Third, define a feedback mechanism to synthesize qualitative and quantitative learning from the validation exercises. This should enable you to test your assumptions, reveal blind spots you were not considering, and to think about what you have learned in aggregate, grouping your target audience by how they perceive the value and effort of the change. Teams fail with this step when they don't take time to synthesize what they have learned and discuss how it should impact their project direction.
Fourth, place deliberate checkpoints in your project plan to review the feedback from users and adjust as needed. A good process will enable you to continually course-correct to arrive at the right intersection of effort and value for your target audience, while providing enough stability to your development team so they can move forward. Teams usually use the feedback from validation sessions to adjust the scope of certain features, but it is less common to step back and assess how the high level project direction should change. We should be forcing ourselves to reevaluate if we are still on track to provide real value at a reasonable level of effort.
Using this approach can help you get outside of your mindset to be better aligned with the needs and pain points of your target audience. You are likely already doing many similar steps, but are your current methods truly enough to break your team out of its biases? My goal in publishing this article is to get feedback on my approach and resources so I can continue to adjust them to be better. How valuable do you think this approach would be for your teams? What might make it difficult to implement this approach? If you have used some form of this approach, what methods of validation, feedback and course correction have you found to be successful?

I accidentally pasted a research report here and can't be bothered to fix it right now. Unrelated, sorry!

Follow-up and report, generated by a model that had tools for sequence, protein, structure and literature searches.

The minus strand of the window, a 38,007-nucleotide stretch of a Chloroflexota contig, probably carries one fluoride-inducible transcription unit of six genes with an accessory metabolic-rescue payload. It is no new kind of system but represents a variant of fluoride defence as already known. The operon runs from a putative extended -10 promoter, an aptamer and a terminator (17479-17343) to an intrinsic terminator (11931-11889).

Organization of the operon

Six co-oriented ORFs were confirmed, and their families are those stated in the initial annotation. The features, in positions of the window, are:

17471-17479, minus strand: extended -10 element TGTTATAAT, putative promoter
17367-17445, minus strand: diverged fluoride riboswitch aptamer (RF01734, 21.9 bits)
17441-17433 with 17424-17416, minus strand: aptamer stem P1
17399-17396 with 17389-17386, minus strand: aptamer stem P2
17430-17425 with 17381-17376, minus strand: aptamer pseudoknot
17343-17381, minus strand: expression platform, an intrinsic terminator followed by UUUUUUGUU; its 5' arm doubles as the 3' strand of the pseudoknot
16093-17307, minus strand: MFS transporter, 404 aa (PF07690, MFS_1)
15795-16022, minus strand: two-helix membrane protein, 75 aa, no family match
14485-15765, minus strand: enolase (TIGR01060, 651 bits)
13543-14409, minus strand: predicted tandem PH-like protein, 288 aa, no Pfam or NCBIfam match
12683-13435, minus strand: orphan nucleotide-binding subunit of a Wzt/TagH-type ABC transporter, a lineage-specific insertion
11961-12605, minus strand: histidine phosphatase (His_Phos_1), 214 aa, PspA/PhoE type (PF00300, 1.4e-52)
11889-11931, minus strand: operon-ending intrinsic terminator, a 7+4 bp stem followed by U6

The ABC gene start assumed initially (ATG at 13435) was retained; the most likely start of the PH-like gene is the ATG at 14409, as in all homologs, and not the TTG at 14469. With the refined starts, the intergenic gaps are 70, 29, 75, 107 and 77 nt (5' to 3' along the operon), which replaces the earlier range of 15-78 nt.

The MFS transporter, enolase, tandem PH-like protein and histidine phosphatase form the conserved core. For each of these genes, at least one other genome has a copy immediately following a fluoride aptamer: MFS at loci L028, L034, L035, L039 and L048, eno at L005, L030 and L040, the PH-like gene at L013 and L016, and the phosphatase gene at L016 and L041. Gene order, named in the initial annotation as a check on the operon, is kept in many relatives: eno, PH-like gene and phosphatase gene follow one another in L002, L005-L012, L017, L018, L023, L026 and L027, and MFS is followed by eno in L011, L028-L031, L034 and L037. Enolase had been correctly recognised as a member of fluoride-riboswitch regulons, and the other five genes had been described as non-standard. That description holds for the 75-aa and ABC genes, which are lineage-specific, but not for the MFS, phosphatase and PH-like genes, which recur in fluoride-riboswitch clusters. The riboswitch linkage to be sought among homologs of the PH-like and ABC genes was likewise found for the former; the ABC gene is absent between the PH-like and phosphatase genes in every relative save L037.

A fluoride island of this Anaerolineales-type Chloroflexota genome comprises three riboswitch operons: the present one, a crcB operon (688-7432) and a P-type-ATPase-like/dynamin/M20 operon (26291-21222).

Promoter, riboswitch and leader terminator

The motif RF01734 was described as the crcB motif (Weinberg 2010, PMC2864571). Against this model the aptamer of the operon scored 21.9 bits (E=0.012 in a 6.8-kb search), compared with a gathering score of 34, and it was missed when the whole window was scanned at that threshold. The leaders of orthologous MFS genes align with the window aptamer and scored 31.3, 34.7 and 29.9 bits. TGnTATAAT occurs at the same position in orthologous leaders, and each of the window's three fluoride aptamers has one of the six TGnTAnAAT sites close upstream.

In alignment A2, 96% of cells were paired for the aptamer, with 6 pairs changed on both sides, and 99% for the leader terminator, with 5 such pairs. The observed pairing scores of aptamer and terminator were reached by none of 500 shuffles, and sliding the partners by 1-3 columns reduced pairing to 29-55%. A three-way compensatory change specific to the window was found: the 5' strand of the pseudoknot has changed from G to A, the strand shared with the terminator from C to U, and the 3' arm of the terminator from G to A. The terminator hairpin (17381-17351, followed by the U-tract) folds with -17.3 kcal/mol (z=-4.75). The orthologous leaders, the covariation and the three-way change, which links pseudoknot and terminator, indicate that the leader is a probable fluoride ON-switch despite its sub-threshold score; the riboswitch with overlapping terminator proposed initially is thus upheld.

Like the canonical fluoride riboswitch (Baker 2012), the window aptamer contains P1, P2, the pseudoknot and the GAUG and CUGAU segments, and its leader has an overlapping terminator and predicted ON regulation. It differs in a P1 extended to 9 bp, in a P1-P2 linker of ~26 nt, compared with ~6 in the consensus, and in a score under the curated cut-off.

Static requirements indicate that you have not been effectively seeking feedback from your target audience. Your and their ideas about the effort and value required to accomplish what they need will change over time, and if your process doesn’t allow for course correction, you are likely to create a solution to no one’s problem. Who will be complaining then?
You can download a feedback planning worksheet and adoption testing template I have developed here. All I ask is that if you do, please like or share this article so that more people can find them as well. If you use them, please leave a comment with your experience and feedback so that we can continue to improve the tools.
(See also the LinkedIn version of this article)